Keillor & Company with Prudence Johnson and Dan Chouinard. A performance of classic love songs, poetry, The News from Lake Wobegon, and a conversation about Why You Should Go On Getting Older
March 4 in Kent, OH Keillor & Company with Prudence Johnson and Dan Chouinard. A performance of classic love songs, poetry, The News from Lake Wobegon, and a conversation about Why You Should Go On Getting Older
Keillor & Company: A PRAIRIE HOME HOLIDAY. Let’s come together for a Christmas sing-along, some Poetry, the News from Lake Wobegon and some holiday cheer with Prudence Johnson and Dan Chouinard.
Dec 11 in Joliet, IL Keillor & Company: A PRAIRIE HOME HOLIDAY. Let’s come together for a Christmas sing-along, some Poetry, the News from Lake Wobegon and some holiday cheer with Prudence Johnson and Dan Chouinard.
Dec 10 in Ottumwa Iowa Keillor & Company: A PRAIRIE HOME HOLIDAY. Let’s come together for a Christmas sing-along, some Poetry, the News from Lake Wobegon and some holiday cheer with Prudence Johnson and Dan Chouinard.
by Kathleen Flenniken
Gil tells you his story in the company truck
on your first job under his wing.
He cuts the engine and pulls
to the shoulder, which is alarming.
He’s a big man who talks rough all day
to drillers, but you know he’s kind—
everybody in the office says so. Gil’s
a sweetheart, they say without elaboration.
He rolls to a stop and waits,
which prepares you, I think; it wipes
the fake smile off your face. He clears
his throat, then it streams like a steady well—
that lazy drive home from vacation,
his wife napping in the camper
before she and their daughter switch,
his careful introduction of the boy
who has drifted an entire lifetime
into their oncoming lane. It’s beautiful
really, the way they crash into the boy’s
car, how it parts the boy’s curtain
of long blond hair and death anoints him
with a dot of blood on his forehead.
A single hubcap bounds like a tin deer
across the highway. Gil’s frantic wife
pries the camper open to find their dead girl
whose eyes are closed as though
she’s dozing through a horror movie.
Then silence. Gil turns expectantly to you.
As you sit speechless, he’ll nod
at whatever sound or breath escapes you.
He starts the truck with a roar
and you’re driving again to the field.
All afternoon he babies you with the pipes,
the pump, and the rig. And when you return,
the whole office comes out to greet you,
touching your shoulder, saying your name.
Kathleen Flenniken, “Gil’s Story” from Famous. Copyright © 2006 used with permission of the Board of Regents of University of Nebraska Press.. (buy now)
It’s the birthday of poet and author Diane Ackerman (books by this author), born Diane Fink in Waukegan, Illinois (1948). She has a knack for blending science and literary art; she wrote her first book of poetry entirely about astronomy. It was called The Planets: A Cosmic Pastoral, and it was published in 1976 while she was working on her doctorate at Cornell. Carl Sagan served as a technical advisor for the book and he was also on her dissertation committee. Her most widely read book is 1990’s A Natural History of the Senses, which inspired a five-part Nova miniseries, Mystery of the Senses, which she hosted. She even has a molecule named after her: dianeackerone.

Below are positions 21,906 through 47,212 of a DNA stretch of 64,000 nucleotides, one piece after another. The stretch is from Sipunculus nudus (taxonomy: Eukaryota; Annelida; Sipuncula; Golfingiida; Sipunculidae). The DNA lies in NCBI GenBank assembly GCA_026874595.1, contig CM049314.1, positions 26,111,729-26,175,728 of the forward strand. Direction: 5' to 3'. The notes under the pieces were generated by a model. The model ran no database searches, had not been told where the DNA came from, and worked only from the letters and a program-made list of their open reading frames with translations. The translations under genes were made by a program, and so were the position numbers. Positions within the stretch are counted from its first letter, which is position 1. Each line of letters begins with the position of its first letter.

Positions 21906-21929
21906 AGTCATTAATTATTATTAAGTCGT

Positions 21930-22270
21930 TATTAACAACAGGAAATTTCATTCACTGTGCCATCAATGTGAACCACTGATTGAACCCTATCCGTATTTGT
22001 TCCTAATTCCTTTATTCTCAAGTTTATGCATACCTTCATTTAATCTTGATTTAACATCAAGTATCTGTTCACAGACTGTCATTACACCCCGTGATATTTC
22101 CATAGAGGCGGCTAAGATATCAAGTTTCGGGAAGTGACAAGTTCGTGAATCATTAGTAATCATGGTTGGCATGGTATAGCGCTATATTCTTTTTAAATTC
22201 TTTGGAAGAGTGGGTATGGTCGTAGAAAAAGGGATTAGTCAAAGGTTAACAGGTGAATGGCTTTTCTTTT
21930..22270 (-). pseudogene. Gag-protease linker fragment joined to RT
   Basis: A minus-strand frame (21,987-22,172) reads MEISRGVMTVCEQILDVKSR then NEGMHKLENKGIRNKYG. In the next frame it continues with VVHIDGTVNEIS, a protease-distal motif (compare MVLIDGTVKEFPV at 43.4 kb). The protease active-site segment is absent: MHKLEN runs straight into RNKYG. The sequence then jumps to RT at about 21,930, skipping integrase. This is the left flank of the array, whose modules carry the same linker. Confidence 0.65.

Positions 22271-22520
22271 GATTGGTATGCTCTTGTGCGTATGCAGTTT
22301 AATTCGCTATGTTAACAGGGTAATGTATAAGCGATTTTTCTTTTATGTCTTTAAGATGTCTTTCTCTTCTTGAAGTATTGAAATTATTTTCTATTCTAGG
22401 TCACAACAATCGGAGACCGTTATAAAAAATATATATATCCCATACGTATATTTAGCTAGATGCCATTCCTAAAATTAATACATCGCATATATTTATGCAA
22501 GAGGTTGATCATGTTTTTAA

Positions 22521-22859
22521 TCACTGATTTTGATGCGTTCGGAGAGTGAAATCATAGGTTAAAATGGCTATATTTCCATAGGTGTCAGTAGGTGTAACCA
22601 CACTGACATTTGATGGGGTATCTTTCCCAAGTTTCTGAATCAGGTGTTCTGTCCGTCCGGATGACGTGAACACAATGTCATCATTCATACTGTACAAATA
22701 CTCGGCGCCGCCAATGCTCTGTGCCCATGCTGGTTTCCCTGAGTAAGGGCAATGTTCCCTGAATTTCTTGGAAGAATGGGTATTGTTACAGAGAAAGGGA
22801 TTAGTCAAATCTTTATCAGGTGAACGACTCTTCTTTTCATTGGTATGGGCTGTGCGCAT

In 1970 she married novelist and poet Paul West. They shared a playful obsession with words that was central to their expressions of love for each other. In 2005 Paul suffered a stroke and, as Ackerman wrote, “In the cruelest of ironies for a man whose life revolved around words, with one of the largest working English vocabularies on earth, he had suffered immense damage to the key language areas of his brain and could no longer process language in any form.” His vast vocabulary was reduced to a single syllable: mem.
Even when he recovered the ability to speak his brain kept substituting wrong words for the right ones, but she encouraged him not to fight his brain but to just go with it, to say what it was giving him to say. As a result, the hundred little pet names he used to have for her before the stroke have been replaced with non-sequiturs like “my little spice owl,” “my little bucket of hair,” and “blithe sickness of Araby.” Ackerman wrote about the stroke and Paul’s journey back to language in her most recent memoir, One Hundred Names for Love (2011). Her latest publication is The Human Age: The World Shaped by Us (2014).
Diane Ackerman wrote, “It began in mystery, and it will end in mystery, but what a savage and beautiful country lies in between.”
Allen Ginsberg read his poem “Howl” at the Six Gallery in San Francisco on this date in 1955 (books by this author). The reading was intended to promote the new gallery. The poet Kenneth Rexroth organized the reading and, in preparation, he introduced Gary Snyder to Allen Ginsberg. Ginsberg introduced everyone to Jack Kerouac and they became the core of the group of writers known as the Beats.
Ginsberg was the second to the last to read and he started at about 11 p.m. He was 29 years old, and he had never participated in a poetry reading before. He started off in a quiet voice. But as he read he found his rhythm and he took a deep breath before each of the long lines in “Howl” and then said each line in one breath. Jack Kerouac chanted “Go, go, go” in rhythm while Ginsberg read, and the audience went wild.
Be well, do good work, and keep in touch.®